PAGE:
By 1999, as many as 86 percent of people who were using opioids weren’t using it for serious conditions, such as cancer. Prescriptions were easy to come by and opioid addiction spread.

The second wave hit in 2010 when heroin abuse was spearheading opioid overdose deaths. From 2002 to 2013, the country saw an increase of 286 percent in heroin deaths. As many as 80 percent of heroin users claimed that they began their addiction with opioid pain relievers.

After 2013, the third wave began. This is when fentanyl first came onto the scene. It led to the sharpest rise in opioid-related deaths. To this day, fentanyl remains the driving force behind many of the deaths related to opioid abuse.

What Opioid Rehab is Like?

In order to properly treat opioid abuse, several clinical treatment methods need to be incorporated. Patients who enter our opioid rehab in West Palm Beach will go through an extensive process to treat their addiction.

Treatment starts with a medical detox where the intense, flu-like symptoms of withdrawal from opioids are managed. The experience is made easier through the use of medications that we can dispense to lessen many of the more severe symptoms.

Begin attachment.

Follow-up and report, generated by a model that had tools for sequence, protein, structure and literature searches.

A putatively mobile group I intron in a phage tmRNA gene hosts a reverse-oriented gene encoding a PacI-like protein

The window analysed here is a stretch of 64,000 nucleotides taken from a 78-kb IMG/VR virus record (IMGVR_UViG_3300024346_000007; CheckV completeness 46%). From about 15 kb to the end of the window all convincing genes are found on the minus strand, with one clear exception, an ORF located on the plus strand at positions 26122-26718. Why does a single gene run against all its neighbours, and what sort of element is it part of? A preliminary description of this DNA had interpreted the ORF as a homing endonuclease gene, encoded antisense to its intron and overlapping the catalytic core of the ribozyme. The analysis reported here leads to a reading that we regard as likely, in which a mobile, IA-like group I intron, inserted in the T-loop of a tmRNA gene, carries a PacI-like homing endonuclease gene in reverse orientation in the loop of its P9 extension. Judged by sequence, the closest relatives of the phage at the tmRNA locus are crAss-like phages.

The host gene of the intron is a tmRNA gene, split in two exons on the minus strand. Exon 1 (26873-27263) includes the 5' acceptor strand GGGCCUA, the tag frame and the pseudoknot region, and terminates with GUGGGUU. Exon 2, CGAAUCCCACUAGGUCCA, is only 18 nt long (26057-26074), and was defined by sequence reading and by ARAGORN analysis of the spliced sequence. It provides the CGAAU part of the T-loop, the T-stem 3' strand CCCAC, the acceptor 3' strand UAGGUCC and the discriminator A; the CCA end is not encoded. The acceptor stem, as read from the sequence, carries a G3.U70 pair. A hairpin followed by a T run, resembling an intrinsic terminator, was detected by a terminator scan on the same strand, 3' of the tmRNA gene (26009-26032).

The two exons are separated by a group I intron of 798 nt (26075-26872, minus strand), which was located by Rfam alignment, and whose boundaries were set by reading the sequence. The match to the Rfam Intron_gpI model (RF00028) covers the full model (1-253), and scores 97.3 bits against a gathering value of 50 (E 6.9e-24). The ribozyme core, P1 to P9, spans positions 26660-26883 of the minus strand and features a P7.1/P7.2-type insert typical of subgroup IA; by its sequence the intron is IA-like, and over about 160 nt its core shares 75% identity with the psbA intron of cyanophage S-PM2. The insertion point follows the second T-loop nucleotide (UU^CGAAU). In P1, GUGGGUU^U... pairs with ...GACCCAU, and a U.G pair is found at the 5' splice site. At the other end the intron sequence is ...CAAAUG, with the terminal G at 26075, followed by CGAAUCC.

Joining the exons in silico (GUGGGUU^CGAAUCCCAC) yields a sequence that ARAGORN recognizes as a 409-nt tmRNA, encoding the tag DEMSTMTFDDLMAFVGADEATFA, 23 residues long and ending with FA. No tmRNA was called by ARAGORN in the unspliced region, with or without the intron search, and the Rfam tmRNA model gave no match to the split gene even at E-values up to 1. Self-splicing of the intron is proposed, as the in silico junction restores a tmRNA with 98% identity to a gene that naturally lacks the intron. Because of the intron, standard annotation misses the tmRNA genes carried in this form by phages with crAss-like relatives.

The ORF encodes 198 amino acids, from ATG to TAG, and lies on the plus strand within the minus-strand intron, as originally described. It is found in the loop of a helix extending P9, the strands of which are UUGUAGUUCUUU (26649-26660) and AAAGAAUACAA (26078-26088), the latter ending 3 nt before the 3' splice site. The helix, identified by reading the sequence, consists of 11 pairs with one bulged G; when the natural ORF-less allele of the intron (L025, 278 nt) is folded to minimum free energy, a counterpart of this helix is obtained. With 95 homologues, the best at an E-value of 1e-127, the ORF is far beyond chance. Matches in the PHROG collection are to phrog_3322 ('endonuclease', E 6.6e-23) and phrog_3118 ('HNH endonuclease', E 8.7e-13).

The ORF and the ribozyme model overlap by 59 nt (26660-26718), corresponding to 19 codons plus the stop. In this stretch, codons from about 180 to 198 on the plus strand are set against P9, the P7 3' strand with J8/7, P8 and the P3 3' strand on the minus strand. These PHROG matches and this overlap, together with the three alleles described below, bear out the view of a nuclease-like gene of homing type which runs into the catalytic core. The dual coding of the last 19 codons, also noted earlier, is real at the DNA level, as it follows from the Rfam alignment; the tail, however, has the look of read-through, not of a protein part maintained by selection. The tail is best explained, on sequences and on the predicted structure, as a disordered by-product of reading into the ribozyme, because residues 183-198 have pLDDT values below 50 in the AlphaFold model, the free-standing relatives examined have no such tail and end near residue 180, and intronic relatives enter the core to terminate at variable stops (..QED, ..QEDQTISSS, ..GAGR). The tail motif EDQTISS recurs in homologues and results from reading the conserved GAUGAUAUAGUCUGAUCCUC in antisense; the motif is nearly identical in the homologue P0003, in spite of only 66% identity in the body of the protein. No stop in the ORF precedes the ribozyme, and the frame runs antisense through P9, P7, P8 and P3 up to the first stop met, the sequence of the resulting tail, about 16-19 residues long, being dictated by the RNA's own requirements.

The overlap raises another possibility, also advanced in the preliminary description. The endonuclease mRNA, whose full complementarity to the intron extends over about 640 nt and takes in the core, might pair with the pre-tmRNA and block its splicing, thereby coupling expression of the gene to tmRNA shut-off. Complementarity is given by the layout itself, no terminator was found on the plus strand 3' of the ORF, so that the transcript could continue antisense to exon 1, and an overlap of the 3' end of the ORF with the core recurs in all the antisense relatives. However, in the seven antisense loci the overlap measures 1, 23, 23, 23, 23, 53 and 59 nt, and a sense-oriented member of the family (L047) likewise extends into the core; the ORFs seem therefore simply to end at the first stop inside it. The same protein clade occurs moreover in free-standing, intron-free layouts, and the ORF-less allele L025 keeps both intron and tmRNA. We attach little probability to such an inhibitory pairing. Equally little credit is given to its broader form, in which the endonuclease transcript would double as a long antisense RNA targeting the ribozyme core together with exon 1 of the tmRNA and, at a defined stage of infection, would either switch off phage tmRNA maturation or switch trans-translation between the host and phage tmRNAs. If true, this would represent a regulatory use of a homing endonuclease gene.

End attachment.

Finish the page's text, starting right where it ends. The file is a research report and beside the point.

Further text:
After detox, a patient is ready for the next step in their recovery: behavioral therapy, treatment for co-occurring mental disorders, wellness programs, family therapy, holistic therapy, and a recovery action plan. These programs are the cornerstone of effective opioid addiction treatment, and without these essential treatments, the underlying reasons for an individual’s addiction may cause a relapse.

Finally, aftercare services and a long-term relapse prevention plan are established which involves alumni programs, support groups, and strategies to overcome substance abuse triggers. These will help with the long-term recovery and challenges that recovering addicts face.

How Long Does Rehab Last?

The time that each person needs in rehab at our opioid rehab in West Palm Beach can vary based on the requirements that each addict has. Treatment is personalized to ensure that the maximum effectiveness of opioid addiction treatment can be reached.

We offer a range of programs including 30-, 60-, and 90-day treatments to be able to help anyone with their addiction needs. Based on research by the National Institute on Drug Abuse, three months should be spent in recovery, which can be accomplished through a combination of our treatment programs.

Sober-Friendly Attractions near West Palm Beach

For those who opt to stay at our opioid rehab in West Palm Beach, you can expect to visit many of the tourist attractions once the initial part of recovery is completed.

From our famous local beaches to fine dining establishments, there is something for every taste to enjoy. Sober-friendly activities include enjoying sports on the beach, visiting the manatees, and strolling through the local produce markets.

While opioid abuse and addiction can be devastating, help is just a phone call away. Contact our representatives to be able to overcome an addiction to opioids in our clinical environment.

Ladies and Gentlemen, Caring for Ladies and Gentlemen.